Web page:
Sometimes, being first is the key to success. When an industry has high economies of scale, high customer switching costs or steep experience curves, competitors can be expected to try to establish a dominant market share early. Firms can use alliances to shorten the time needed to establish a lead position. Or, if they are latecomers, they can more rapidly erode the position of the lead firm. Alliances may thus quicken the race for first-mover advantages.
Because of such first-mover advantages, firms sometimes make pre-emptive strikes. Tying up early gives you the best choice of partners and pre-empts rivals from tying up with an attractive partner. Much more than imitation is at work here. A constellation may execute a pre-emptive alliance not because it is in a rush to match the capabilities of a rival, but because it wants to keep the rival from assembling this set of capabilities.
Limits to growth
Just as there are several drivers to the growth of constellations, a variety of limits may inhibit their expansion beyond a certain point. The airline industry did not encounter these limits before 2000, but there were indications that some of the larger constellations were beginning to face constraints on growth.
The simplest of these constraints is overcrowding of the field. The pool of eligible partners will diminish because of the boom in alliance formation itself. Or, including the still-available partners into an existing constellation may threaten to increase conflicts of interest among group members. This form of saturation in the industry has been called “strategic gridlock,” because it tends to limit the strategic flexibility that alliances typically offer a firm.
Other limits to the growth of constellations stem not from the external environment, but from internal constraints. Managers often cite scarcity of management capacity as a constraint on alliance formation. Negotiating each agreement requires great effort, and major alliances require the continual, direct and personal involvement of top management. These demands on management increase with the size of the group and the complexity of member interactions.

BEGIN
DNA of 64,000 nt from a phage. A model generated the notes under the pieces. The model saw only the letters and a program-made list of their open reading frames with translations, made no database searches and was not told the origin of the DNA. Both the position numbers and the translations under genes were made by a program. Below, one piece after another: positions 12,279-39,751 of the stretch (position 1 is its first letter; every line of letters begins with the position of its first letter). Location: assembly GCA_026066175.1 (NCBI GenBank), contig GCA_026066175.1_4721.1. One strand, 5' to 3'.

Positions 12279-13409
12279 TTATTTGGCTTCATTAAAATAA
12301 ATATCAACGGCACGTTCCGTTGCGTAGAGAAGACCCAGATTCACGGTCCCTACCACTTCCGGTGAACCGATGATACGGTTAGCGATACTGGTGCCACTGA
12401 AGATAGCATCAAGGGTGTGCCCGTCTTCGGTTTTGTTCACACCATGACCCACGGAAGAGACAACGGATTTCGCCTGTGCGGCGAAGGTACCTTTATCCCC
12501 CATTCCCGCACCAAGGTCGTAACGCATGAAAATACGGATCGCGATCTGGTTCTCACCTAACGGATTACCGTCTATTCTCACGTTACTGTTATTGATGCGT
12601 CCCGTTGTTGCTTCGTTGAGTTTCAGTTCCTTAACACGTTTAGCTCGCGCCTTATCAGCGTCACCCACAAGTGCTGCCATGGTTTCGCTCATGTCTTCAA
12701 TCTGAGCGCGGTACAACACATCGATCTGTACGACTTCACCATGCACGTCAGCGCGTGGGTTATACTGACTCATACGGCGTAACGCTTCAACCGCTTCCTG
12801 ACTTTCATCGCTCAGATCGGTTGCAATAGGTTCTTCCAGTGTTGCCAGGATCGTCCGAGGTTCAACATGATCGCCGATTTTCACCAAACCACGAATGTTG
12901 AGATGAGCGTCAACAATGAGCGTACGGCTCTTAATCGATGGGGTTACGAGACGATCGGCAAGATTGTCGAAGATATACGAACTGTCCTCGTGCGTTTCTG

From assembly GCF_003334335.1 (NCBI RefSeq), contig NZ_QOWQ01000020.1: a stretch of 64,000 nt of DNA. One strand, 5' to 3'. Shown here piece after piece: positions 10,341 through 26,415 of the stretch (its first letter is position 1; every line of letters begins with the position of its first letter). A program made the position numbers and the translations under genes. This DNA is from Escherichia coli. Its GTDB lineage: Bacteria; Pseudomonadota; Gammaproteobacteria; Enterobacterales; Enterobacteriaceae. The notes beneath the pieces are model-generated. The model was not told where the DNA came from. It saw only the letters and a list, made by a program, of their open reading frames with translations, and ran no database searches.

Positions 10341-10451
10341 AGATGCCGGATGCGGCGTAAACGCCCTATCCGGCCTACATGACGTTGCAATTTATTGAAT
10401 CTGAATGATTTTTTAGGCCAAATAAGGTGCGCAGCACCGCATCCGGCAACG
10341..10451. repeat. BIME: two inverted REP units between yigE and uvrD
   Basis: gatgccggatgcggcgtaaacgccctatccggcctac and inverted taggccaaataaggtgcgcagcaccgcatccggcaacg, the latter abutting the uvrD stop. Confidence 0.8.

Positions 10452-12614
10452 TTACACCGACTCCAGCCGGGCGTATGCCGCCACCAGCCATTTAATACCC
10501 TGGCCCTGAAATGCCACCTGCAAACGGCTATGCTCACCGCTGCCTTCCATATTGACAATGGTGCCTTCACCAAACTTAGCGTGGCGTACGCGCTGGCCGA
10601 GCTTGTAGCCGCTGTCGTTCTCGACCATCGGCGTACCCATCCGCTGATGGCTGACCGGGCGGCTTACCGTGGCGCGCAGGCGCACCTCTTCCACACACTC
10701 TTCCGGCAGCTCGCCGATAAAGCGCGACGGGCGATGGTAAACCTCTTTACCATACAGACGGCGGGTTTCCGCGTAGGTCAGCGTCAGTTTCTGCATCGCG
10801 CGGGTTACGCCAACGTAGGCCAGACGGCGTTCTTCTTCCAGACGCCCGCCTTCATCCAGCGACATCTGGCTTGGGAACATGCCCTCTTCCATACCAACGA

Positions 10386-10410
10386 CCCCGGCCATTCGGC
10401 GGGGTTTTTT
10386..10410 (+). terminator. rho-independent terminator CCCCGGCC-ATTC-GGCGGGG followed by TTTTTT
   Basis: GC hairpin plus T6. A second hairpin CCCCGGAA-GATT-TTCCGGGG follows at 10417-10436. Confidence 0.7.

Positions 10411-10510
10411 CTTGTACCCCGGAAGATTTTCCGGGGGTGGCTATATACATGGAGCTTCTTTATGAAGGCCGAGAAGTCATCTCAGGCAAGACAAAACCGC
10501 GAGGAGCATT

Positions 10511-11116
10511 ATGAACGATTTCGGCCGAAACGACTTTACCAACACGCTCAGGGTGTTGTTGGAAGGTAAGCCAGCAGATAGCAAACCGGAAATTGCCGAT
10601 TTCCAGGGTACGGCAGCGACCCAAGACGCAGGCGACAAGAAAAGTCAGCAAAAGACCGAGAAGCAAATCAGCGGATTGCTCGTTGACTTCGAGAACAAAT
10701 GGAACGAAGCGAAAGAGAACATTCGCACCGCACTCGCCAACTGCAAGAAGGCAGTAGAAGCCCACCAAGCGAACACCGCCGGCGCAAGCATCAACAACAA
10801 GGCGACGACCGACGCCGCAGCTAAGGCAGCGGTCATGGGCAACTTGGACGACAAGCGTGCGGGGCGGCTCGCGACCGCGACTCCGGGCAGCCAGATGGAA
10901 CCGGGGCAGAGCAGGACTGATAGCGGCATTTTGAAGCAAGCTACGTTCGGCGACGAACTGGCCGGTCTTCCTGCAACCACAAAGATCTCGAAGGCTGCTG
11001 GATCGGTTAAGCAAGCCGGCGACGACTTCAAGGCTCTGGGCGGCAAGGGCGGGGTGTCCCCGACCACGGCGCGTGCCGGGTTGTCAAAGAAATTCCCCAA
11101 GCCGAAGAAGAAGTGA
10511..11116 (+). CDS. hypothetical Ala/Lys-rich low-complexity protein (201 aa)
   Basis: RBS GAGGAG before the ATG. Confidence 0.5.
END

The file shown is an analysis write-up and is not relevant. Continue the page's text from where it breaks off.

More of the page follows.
In addition, co-operation becomes increasingly difficult as the number of members in a constellation rises. Conflicts may also arise when one of the partners has another alliance that influences the goals of the first alliance. Whatever the root causes, such conflicts of interest will add to the coordination costs of the group and limit the degree to which it can be integrated to implement a common strategy.
The ways in which constellations arise, grow and change over time are still not completely understood, but the best thinking and experience to date suggests the following guidelines for managers:
- Evaluate design tradeoffs between group size, membership mix, internal rivalry and governance structure. Often, decisions in one dimension will create challenges in another. The time to think this through is in advance, not after your constellation has expanded in an ad hoc fashion.
- Map your constellation and those of your rivals. All too often, key decision makers in a company do not have a clear picture of their constellation, or the various constellations in which they play. Here a picture is truly worth a thousand words: Create a diagram and update it regularly. Do that for your constellations and for those of your rivals; analyzing the alliance strategy of rivals is now a key element in competitive intelligence. Evaluate the strengths and weaknesses of your constellation compared with theirs.
- Be clear about why you follow your rivals, or why you don’t. Imitation among constellations is common, as we saw. But this does not mean you should follow blindly. Rather, understand what drives imitation in your industry, who might be worth learning from, and when you should desist from following an example. One senior executive was fond of sending little notes to subordinates, attached to the latest news of a rival’s move: “Why are we not doing this too?” he would ask. His point was not to encourage his managers to copy, but rather to get them to evaluate and fashion a response to rivals’ actions.
- Adjust constellation structure to respond to new conditions. As with the single alliance, a group of multiple partners can never stand still-it has to be flexible to pursue new opportunities and fix problems. In a constellation with many members, this can be difficult, because of the multitude of interests involved. This is one reason why leadership from one or a few firms is critical to good constellation design.